87 Year-Old Dr. Yeva Bezhanova: Rumors Of The Pediatrician’s Retirem

Yeranuhi Soghoyan

12:25, December 26, 2012

It takes our bus one hour to make the 25 kilometre trip from Gyumri
north to the sleepy village of Amasya.

The snow has been falling for the past two days and the roads are
a mess.

The inclement weather hasn’t stopped people lining up in the waiting
room of the Amasya health center. I open the door to the children’s
ward and spot a young woman sitting with two kids.

The woman doctor invites me in, thinking I’m the next patient. My
escort chimes in, “Sorry doctor, she’s a reporter, not a patient. She
called yesterday asking about you and here she is.”

It’s safe to say that 87 year-old paediatrician Yeva Bezhanova is
much beloved by Amasya residents. They don’t want to see her leave.

Doctor Bezhanova, however, has decided to finally retire in January.

Her decision has created a panic at the center since she’s the only
professional medical person on staff.

Yeva Bezhanova started to work at the center in 1988. She was born
in Baku in 1925. After graduating from the Medical Institute, she
worked for forty years in Nakhijevan.

The 1988 Karabakh movement was a turning point in her life regarding
her relocation to Armenia.

“They suddenly remembered that I was an Armenian. So they fired me
since I had already reached retirement. I could no longer live and
work in Nakhijevan. So I packed my bags and came to Armenia. I had
a married sister in Leninakan but decided to settle in Amasya. They
had a need for a paediatrician and were allocating an apartment,” Dr.

Bezhanova recounts.

Hripsimeh Gevorgyan brings her two kids in to see the doctor. Six
year-old Davit has a cough.

“I heard that the doctor will be leaving next month. We don’t know
what will happen. Hopefully the center will keep the nurse on staff,”
exclaims Gevorgyan.

As Dr. Bezhanova writes the prescription, she asks the young mother if
the instructions are clear regarding the dosage to be taken and when.

She says that she learnt to read and write Armenian so that she could
write out the prescriptions in Armenian, and not Russian, for the
mothers to understand. The good doctor adds that oftentimes the young
moms can’t even understand the Armenian, let alone a foreign language.

Vardishagh Serobyan, the nurse who will have her hands full when Dr.

Bezhanova leaves, says one can write tales about the picky and diligent
nature of the paediatrician.

“She will examine a child for one half hour. Her diagnosis can’t be
questioned and she is always right. Then she’ll look you in the eyes
and ask if you understand. She can tell just by looking at you. That’s
our Bezhanova, very attentive, caring and thorough.”

Dr. Bezhanova lives by alone in her one room apartment. She never
married and tells me the topic is off limits. All she’ll confess is
that she found true love just once in her life.

She tells me that being a paediatrician requires great patience and
skill. Luckily, Dr. Bezhanova loves children and her young patients
love her in return.

I ask myself how many others would chose to work as a paediatrician
in this outlying rural community. The obvious answer – very few.

“I always say we don’t work by the clock here. I rarely take a lunch
break even though my house is close by. People from the local villages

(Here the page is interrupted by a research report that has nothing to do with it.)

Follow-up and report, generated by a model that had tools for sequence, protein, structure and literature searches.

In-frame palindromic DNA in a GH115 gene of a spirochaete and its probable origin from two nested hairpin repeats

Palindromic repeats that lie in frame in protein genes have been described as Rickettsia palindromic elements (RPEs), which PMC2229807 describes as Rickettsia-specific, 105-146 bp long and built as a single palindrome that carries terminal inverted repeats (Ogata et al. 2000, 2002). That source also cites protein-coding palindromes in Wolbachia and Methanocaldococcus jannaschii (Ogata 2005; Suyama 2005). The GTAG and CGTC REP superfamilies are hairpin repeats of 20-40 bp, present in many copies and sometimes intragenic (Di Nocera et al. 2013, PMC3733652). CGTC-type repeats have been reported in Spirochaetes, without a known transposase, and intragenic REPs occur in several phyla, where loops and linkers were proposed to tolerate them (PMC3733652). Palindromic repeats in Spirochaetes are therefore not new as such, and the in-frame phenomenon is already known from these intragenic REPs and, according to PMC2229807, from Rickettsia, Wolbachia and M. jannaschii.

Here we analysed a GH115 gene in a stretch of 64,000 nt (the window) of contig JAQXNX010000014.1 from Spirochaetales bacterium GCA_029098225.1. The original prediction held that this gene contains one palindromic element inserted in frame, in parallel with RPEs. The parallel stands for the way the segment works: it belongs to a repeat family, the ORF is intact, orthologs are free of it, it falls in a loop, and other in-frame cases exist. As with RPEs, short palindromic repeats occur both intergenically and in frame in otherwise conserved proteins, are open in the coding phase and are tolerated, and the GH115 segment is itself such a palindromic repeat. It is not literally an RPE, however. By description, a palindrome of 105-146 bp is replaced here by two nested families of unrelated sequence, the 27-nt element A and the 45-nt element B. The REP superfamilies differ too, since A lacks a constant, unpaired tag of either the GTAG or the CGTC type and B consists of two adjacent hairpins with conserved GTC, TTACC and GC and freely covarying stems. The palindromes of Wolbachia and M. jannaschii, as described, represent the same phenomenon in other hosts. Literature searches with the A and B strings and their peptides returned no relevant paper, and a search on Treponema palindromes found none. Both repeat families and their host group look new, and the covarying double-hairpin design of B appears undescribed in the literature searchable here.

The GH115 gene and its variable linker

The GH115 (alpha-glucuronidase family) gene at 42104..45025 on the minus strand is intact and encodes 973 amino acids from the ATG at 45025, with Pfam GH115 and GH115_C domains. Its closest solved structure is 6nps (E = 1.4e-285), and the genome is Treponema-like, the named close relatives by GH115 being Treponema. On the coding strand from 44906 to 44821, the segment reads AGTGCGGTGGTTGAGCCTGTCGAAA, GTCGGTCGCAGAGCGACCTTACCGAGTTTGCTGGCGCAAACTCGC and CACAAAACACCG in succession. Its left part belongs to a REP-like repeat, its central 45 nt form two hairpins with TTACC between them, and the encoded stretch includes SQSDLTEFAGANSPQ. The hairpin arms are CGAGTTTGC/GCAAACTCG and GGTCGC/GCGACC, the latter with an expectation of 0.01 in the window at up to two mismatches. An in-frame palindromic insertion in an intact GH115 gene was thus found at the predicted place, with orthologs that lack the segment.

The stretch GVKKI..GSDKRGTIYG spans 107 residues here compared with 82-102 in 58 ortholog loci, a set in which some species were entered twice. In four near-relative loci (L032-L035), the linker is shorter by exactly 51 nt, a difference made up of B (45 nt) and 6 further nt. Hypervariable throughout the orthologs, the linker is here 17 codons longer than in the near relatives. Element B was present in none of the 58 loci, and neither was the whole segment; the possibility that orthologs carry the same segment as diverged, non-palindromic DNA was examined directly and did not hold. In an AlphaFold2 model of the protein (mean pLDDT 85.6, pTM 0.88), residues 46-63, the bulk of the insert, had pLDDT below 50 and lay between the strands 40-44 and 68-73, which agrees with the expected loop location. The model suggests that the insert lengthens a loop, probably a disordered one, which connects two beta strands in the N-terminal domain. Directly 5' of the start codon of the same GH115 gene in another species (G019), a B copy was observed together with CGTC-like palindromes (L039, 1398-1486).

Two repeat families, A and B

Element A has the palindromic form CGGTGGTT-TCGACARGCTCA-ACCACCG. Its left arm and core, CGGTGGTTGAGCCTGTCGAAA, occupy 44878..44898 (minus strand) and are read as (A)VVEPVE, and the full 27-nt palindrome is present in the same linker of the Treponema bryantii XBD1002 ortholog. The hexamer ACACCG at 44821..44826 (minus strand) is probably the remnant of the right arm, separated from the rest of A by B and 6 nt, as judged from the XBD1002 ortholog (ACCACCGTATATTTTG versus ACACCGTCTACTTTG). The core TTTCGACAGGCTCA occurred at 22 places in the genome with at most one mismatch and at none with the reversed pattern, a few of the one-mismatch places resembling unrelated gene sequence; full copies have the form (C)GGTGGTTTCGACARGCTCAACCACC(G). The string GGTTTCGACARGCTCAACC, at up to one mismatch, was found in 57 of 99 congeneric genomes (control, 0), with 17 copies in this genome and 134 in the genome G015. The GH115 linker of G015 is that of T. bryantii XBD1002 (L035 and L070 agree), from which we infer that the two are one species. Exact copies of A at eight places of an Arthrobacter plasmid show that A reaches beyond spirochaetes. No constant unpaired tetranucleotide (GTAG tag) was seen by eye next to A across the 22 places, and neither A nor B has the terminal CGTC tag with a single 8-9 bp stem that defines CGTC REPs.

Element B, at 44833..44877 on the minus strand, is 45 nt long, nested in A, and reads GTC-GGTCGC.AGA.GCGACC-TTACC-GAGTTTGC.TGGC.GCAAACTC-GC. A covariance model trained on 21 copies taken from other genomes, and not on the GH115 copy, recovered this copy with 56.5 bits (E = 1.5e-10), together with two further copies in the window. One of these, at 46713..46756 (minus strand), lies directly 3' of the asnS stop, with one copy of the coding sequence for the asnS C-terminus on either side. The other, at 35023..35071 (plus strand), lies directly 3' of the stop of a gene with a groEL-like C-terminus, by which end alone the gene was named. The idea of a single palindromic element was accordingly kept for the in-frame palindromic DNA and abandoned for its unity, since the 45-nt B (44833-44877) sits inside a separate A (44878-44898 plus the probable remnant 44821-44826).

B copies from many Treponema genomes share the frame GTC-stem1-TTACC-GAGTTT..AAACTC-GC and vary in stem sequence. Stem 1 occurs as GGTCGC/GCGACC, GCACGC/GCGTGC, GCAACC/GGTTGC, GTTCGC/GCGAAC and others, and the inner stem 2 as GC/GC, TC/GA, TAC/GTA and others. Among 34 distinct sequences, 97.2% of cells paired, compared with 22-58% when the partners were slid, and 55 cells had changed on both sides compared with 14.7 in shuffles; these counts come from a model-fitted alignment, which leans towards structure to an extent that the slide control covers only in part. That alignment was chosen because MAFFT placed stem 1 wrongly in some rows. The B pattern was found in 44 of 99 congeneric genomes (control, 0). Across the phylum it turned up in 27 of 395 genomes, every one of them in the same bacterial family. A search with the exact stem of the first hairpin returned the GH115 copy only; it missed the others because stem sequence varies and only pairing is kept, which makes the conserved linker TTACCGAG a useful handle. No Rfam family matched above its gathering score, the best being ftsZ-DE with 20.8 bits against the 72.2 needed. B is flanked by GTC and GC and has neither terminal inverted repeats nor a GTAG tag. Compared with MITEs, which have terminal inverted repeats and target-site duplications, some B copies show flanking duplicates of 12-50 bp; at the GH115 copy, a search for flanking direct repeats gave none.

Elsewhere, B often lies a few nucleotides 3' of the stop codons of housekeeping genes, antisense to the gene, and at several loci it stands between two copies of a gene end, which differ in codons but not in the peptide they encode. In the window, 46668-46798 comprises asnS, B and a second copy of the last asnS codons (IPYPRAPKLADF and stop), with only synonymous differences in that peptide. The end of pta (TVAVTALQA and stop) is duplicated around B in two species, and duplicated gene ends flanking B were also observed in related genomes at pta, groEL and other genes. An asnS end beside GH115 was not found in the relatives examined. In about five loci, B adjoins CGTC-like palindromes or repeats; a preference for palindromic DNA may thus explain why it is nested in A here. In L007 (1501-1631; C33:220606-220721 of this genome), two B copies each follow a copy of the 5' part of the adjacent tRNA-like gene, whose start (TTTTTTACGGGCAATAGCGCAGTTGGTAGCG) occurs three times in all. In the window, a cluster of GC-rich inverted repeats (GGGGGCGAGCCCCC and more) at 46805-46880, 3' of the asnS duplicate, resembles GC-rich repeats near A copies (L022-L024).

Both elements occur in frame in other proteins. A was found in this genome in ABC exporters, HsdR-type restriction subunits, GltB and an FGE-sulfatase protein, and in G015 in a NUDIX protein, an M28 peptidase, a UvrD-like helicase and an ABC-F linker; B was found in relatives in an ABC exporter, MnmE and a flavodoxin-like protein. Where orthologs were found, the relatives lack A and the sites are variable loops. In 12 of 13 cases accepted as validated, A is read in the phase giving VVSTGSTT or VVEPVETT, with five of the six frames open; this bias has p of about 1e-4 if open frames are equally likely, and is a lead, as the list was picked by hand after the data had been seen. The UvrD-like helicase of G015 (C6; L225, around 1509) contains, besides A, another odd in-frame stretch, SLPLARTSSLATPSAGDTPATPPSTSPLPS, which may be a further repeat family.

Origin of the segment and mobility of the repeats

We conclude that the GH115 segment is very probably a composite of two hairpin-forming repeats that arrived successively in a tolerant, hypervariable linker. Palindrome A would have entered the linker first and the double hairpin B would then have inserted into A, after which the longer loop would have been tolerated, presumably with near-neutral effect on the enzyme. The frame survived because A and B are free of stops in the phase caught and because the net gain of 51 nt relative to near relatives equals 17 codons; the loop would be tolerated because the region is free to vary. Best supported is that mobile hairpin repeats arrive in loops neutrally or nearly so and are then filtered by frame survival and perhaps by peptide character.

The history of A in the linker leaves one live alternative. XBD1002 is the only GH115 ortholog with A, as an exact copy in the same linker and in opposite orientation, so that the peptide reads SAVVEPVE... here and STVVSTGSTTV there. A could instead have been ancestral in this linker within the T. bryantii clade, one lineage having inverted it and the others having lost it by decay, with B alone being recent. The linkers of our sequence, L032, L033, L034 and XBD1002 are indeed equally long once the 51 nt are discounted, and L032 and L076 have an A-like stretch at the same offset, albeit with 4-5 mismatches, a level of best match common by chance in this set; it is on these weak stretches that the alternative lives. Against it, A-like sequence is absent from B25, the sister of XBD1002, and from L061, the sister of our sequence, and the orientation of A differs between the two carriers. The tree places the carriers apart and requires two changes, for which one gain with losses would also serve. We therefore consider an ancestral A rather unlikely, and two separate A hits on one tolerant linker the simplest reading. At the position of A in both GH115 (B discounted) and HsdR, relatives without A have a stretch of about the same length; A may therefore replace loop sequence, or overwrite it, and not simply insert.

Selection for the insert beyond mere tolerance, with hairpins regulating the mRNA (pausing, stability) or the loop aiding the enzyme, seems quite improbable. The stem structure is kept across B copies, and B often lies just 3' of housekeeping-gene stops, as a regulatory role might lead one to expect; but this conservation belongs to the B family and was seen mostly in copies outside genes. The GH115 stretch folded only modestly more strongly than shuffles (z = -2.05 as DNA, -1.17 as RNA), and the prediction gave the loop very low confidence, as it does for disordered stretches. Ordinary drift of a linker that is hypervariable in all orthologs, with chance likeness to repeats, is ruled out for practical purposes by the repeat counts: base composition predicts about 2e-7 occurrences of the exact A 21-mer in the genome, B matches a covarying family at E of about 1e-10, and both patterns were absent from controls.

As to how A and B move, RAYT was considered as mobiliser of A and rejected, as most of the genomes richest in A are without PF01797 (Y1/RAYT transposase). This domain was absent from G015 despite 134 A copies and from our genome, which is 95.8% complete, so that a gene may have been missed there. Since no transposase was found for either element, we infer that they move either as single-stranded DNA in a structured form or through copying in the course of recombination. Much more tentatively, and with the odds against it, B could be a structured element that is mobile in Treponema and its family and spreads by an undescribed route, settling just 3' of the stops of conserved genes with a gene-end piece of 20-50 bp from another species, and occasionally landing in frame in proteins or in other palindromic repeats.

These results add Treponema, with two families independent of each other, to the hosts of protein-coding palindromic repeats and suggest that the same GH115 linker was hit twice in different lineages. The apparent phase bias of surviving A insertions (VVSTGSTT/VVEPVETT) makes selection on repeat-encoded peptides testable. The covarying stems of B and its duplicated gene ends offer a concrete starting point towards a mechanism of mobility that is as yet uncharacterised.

somehow make it to Amasya in all this snow. I can’t keep them waiting.

The calling of my profession is to treat the sick. It’s an obligation,”
Dr. Bezhanova says.

The 87 year-old paediatrician even makes house calls during the cold
and snowy winter months. On her off days, Dr. Bezhanova visits her
76 year-old sister in Gyumri.

“My sister also lives alone since her husband passed away. Her
daughter moved to Russia. I call several times a week just to check
up on her; to see if she hasn’t fallen and broken something. That’s
how it is when one gets up in years. My sister was just four when
our mom died. I was the one who raised her.”

Dr. Bezhanova doesn’t interact much with people outside of work. The
only ones she is close with is a family of distant relatives who live
in another section of her building.

The Haroutyunyan family also welcome the good doctor whenever she

Ashot Haroutyunyan, one of the relatives, tells me he’s constantly
amazed by the doctor’s sharp memory, even at her age.

“She remembers all our birthdays even when we don’t. The doctor will
always show up with a small gift to celebrate. She’s very attentive,
not only to us but to all her patients. Even in this winter chill
she goes on foot to all the homes just to see how the children are

Dr. Bezhanova was first recognized for her years of dedicated
medical service when working in Nakhijevan. She was awarded the
title “Honoured Physician”. In 2004, she was again paid tribute when
Armenian President Robert Kocharyan bestowed her with the title of
“Honoured Physician of Armenia”.

Anna Mkoyan, Director of the Amasya Medical Center, confesses that
it will be tough to get someone to fill Dr. Bezhanova’s shoes.

“Professionals today just do not want to work in a faraway place like
this. I’ve been searching for a replacement for a year now and still
no luck. Dr. Bezhanova hasn’t actually filed for retirement but if
she does there is nothing I can do to stop her. They say that no one
is irreplaceable but right now she is for us.”

Before leaving, I tell Dr. Bezhanova what her friends and colleagues
have said about her, how they respect and love her.

“Well, dear girl, what can I say? We all do what we can. But I have
grown old and I get tired. It’s only natural. I help people as much
as I can. You can understand my desire to take it easy now. I would
have liked to have prepared someone to take my place…”

The venerable doctor politely refuses my offer of help. It’s not
her way.